Planned Parenthood calls abortion legislation ‘devastating’

Planned Parenthood and other women’s groups have been staunchly opposed to the new abortion regulations. Cecile Richards, who is the President of Planned Parenthood Action Fund, traveled to Austin to attend several of the protests and to observe the action on the House and Senate floors. She issued this statement: 

“The bill signed into law by Governor Perry today makes a terrible situation for women’s health even worse. Already, Rick Perry and other politicians have cut more than 130,000 Texas women off from basic preventive health care, including lifesaving cancer screenings and well-woman check-ups, and this new law will severely limit access to safe and legal abortion, which will cause women to resort to desperate and dangerous measures. These relentless attacks on women’s health have a devastating impact on women who already have the least access to health care.

“Doctors oppose this law because they know it will hurt their patients, and the public overwhelmingly opposes these attacks on women’s health. In Texas alone, 80 percent of voters oppose special session passage of the bill Governor Perry signed today, which is why the governor and his allies had to break the rules and shut down the democratic process to push this through the State Legislature.

“The fight over this law will move to the courts, while the bigger fight for women’s access to health care in Texas gains steam. People are enraged by this law, and it has created a whole new generation of activists who are in it for the long run to elect leaders who will protect women’s health.”


Perry signs controversial abortion reform bill

Gov. Rick Perry has signed into law new stricter abortion regulations. Among other things, the law will ban abortion after 20 weeks and require upgrades to existing abortion clinics.

Clinics have until September of 2014 to transform their operations into surgical centers. Opponents say the expensive upgrades, along with a component of the bill requiring doctors to have admitting privileges at a nearby hospital, will force all but five of the state’s 42 existing clinics to close.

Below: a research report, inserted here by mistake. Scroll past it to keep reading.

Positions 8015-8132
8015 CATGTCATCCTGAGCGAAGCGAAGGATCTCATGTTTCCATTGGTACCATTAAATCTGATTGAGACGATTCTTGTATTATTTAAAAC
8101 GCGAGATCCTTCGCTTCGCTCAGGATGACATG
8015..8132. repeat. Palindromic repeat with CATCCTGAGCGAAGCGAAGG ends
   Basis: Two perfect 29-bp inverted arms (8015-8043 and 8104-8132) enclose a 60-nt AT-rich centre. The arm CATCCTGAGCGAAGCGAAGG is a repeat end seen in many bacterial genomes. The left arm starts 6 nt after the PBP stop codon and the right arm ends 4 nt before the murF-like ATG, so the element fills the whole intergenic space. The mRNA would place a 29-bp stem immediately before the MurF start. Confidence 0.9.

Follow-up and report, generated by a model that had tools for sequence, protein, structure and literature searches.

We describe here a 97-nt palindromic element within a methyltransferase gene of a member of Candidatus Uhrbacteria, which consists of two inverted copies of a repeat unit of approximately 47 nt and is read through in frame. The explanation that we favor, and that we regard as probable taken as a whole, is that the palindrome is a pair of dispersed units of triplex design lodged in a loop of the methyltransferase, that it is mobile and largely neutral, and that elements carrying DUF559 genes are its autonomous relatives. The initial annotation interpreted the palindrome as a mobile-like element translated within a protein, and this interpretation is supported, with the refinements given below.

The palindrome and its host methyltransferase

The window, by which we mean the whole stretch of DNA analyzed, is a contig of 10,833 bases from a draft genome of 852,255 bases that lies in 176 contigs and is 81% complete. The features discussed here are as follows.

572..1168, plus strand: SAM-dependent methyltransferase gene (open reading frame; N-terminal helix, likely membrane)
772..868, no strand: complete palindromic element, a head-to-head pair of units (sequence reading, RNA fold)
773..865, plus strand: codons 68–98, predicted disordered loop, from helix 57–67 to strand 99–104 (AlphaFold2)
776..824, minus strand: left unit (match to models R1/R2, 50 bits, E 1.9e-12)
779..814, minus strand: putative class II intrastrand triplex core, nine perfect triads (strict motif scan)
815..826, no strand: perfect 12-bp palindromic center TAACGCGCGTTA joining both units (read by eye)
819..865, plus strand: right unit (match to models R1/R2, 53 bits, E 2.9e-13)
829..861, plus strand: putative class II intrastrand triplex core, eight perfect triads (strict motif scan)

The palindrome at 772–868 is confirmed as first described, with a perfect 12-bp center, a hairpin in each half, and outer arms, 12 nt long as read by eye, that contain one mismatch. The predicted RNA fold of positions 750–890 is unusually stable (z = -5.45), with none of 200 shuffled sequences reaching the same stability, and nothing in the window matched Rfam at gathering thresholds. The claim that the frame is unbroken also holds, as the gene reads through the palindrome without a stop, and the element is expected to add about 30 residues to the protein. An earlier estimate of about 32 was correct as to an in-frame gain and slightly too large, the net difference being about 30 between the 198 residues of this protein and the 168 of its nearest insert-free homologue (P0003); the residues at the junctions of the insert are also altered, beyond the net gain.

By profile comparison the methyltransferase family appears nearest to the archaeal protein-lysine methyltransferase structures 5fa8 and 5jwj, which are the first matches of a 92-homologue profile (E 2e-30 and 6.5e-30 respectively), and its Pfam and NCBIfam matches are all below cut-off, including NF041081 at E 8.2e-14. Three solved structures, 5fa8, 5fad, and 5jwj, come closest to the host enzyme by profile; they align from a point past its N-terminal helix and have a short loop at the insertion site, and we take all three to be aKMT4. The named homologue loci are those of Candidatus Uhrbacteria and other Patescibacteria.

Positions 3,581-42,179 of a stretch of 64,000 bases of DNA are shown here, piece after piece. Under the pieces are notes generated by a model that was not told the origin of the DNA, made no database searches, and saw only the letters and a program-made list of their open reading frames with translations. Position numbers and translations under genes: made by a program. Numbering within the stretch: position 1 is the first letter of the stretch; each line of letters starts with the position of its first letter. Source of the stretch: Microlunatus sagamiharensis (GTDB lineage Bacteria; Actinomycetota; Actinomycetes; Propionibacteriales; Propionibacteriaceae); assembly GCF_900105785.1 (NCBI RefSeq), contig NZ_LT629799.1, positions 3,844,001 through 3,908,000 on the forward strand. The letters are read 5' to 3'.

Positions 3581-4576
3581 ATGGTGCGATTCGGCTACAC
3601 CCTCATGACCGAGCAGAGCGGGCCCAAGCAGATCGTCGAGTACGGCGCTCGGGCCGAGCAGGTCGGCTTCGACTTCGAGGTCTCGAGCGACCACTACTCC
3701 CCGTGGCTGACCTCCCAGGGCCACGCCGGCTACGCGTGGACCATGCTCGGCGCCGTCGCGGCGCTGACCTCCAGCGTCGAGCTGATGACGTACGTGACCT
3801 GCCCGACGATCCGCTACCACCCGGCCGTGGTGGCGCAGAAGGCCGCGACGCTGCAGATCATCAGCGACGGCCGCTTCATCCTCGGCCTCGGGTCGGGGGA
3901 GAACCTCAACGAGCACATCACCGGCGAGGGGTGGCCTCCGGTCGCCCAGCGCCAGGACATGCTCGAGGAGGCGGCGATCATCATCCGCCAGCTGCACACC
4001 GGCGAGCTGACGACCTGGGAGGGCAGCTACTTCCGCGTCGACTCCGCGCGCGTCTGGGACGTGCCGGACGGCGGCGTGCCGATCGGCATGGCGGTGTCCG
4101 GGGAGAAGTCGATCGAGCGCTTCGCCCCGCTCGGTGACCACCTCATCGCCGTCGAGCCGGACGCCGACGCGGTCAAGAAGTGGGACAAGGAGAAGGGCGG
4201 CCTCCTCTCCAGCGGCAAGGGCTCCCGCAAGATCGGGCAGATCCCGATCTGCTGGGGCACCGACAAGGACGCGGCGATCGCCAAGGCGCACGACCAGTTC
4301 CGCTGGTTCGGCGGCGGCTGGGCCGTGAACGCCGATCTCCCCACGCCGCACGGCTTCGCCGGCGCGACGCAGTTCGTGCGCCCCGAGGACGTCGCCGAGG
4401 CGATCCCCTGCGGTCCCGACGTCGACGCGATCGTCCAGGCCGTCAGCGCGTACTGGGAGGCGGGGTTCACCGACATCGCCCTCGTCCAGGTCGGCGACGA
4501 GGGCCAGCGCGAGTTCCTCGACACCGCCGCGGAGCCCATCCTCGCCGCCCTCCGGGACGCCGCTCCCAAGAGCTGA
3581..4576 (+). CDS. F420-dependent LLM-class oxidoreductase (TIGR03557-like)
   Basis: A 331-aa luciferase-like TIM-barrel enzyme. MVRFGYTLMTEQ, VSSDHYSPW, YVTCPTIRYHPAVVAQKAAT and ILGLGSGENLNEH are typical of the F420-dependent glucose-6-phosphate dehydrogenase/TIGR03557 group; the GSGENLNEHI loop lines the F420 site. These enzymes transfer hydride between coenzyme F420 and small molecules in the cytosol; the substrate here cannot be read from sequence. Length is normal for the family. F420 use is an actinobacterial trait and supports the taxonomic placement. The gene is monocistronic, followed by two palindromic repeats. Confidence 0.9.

Supporters of the legislation have maintained that the regulations will help improve safety and women’s health. “This is an important day for those who support life and for those who support the health of Texas women,” said Gov. Perry.

The abortion legislation has sparked weeks of protests at the State Capitol. Lawmakers failed to pass the bill during the first special session. Sen. Wendy Davis’ 11 hour filibuster and outbursts from the Senate gallery pushed the vote past the midnight deadline. Republicans were able to easily push the through legislation last week. The law officially takes effect in October.


Capital Tonight: Legal challenge brewing on eve of abortion bill signing


Gov. Rick Perry has announced he will sign stricter abortion regulations into law Thursday, just plans for legal ramifications are taking shape.

Terri Burke of the American Civil Liberties Union of Texas says the group is considering including Texas as part of its nationwide response to abortion legislation. We spoke to Burke about what the legal action might look like.


The State Board of Education is meeting this week for the first time since lawmakers passed new curriculum and testing changes. We spoke to SBOE Vice Chair Thomas Ratliff about how the board is dealing with the changes and what they plan to do about the loss of CSCOPE.


And in Washington, lawmakers are taking the first steps toward updating the Voting Rights Act. Click the image below to hear the latest on their efforts, plus commentary from two former lawmakers about its impact here at home.